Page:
Alternatively, the influence of melatonin on AVT-ir cell number could be androgen mediated. For example, several studies in amphibians indicate that melatonin may regulate seasonal changes in reproduction via decreased gonadosomatic index, spermatogenesis and Leydig cell number and/or activity [reviewed in Mayer et al., 1995]. In green treefrogs, injections of melatonin (4 µg per day) administered under long-day conditions (16 h light/8 h darkness) decreased the gonadosomatic index in male and female frogs [de Vlaming et al., 1974]. More recently, O’Bryant and Wilczynski [2010] demonstrated that seasonal changes in AVT-ir cell number in male H. cinerea toward the end of the breeding season are concomitant with declining androgen concentrations. Thus, it is possible that melatonin alters brain AVT indirectly by modulating the production of sex steroid hormones. However, our melatonin treatments did not significantly alter either testosterone concentrations in male frogs or estradiol in female frogs. Thus, a direct effect of melatonin on brain AVT, independent of changes in sex steroid hormones, is suggested.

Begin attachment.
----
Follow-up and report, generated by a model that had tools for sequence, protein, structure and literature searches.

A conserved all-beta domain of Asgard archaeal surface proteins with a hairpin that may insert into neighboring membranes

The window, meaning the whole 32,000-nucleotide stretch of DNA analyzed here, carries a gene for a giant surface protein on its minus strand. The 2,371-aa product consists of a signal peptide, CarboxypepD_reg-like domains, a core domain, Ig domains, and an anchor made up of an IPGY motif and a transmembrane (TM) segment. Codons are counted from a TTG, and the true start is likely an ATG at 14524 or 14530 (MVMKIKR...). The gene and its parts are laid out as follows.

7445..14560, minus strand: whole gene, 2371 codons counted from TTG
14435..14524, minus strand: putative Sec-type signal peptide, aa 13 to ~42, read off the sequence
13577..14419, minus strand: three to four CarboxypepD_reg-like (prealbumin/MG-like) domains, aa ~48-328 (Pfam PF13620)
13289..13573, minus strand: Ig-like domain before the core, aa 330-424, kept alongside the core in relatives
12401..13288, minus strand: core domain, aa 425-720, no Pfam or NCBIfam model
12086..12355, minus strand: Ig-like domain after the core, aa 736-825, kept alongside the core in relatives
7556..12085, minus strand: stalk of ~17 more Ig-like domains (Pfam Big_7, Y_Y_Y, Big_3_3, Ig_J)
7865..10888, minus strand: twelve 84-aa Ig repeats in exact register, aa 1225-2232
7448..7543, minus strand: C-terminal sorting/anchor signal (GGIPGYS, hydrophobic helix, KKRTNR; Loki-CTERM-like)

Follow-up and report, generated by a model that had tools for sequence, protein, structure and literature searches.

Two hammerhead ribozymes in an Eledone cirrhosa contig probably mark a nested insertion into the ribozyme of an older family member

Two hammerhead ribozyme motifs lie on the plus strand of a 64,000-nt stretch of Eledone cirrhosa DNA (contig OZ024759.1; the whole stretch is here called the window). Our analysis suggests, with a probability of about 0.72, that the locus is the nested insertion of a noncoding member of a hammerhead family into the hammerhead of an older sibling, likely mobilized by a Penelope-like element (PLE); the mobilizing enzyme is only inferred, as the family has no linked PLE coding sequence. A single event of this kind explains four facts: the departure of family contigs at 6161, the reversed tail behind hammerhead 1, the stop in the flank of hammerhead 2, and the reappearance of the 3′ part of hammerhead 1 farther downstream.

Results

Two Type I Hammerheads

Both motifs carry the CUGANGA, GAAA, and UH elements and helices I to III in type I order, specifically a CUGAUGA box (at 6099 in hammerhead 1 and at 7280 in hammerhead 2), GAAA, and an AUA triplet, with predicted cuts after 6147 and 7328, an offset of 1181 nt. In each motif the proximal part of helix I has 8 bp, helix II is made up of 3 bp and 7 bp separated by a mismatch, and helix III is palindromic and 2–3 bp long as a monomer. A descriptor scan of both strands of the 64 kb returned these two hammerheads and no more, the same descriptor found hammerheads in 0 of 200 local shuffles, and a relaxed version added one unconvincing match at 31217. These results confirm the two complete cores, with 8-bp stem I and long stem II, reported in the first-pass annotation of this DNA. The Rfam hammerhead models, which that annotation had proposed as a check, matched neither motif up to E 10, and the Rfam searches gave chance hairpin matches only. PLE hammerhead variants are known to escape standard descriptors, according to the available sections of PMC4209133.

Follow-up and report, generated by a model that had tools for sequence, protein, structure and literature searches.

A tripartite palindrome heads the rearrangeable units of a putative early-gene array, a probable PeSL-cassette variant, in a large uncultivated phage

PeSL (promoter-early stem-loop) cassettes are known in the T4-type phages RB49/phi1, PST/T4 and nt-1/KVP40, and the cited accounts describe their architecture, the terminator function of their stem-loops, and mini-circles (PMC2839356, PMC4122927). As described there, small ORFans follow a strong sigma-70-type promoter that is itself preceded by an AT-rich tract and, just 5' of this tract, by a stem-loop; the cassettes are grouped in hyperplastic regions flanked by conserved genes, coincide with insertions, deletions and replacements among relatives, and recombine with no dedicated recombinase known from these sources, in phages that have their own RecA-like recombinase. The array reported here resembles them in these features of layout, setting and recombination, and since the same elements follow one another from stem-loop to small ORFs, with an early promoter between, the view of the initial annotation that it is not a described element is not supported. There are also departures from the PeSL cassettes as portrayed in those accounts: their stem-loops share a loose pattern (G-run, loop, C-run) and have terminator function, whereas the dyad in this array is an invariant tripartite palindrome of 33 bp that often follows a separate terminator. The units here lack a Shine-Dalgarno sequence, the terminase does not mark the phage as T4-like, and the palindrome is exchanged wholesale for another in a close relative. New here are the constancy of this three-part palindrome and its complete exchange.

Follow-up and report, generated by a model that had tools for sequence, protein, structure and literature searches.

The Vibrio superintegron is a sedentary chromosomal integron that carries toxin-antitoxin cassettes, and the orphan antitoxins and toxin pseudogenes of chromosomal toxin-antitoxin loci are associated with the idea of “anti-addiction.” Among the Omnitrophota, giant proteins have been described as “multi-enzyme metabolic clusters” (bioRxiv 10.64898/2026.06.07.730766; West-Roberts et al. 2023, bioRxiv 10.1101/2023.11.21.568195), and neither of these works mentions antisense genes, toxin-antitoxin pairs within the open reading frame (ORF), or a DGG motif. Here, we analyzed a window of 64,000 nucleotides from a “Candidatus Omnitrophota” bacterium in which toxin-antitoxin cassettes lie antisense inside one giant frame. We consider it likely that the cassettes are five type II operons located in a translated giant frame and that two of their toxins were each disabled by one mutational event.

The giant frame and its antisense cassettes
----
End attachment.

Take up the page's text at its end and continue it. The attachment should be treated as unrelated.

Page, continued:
In summary, our results corroborate several lines of evidence suggesting that seasonal changes in the AVT/AVP system may be regulated by the hormone melato-nin [Isobe et al., 2001; Juszczak, 2001; Rasri et al., 2008; Mogulkoc and Baltaci, 2010]. For example, short photoperiod exposure in Djungarian hamsters (Phodopus sungorus), which mimics winter-like environmental conditions, reduces the expression of AVP mRNA in the bed nucleus of the stria terminalis [Rasri et al., 2008]. In rats, melatonin inhibits increased plasma AVP responses to thyroxine treatment in vivo [Mogulkoc and Baltaci, 2010]. In addition, Isobe et al. [2001] demonstrated that melatonin inhibits AVP release from cultured SCN slices in rats, and these effects are specifically mediated by the type 2 melatonin receptor. In the present study, it is unknown whether the observed effects of melatonin on AVT-ir staining result from changes in gene expression, peptide production and/or the rate of axonal release. Nevertheless, these studies indicate that melatonin modulates AVT signaling in the brain. How melatonin-induced changes in the AVT/AVP neuropeptide system might in turn regulate seasonal changes in social and reproductive behaviors warrants future attention.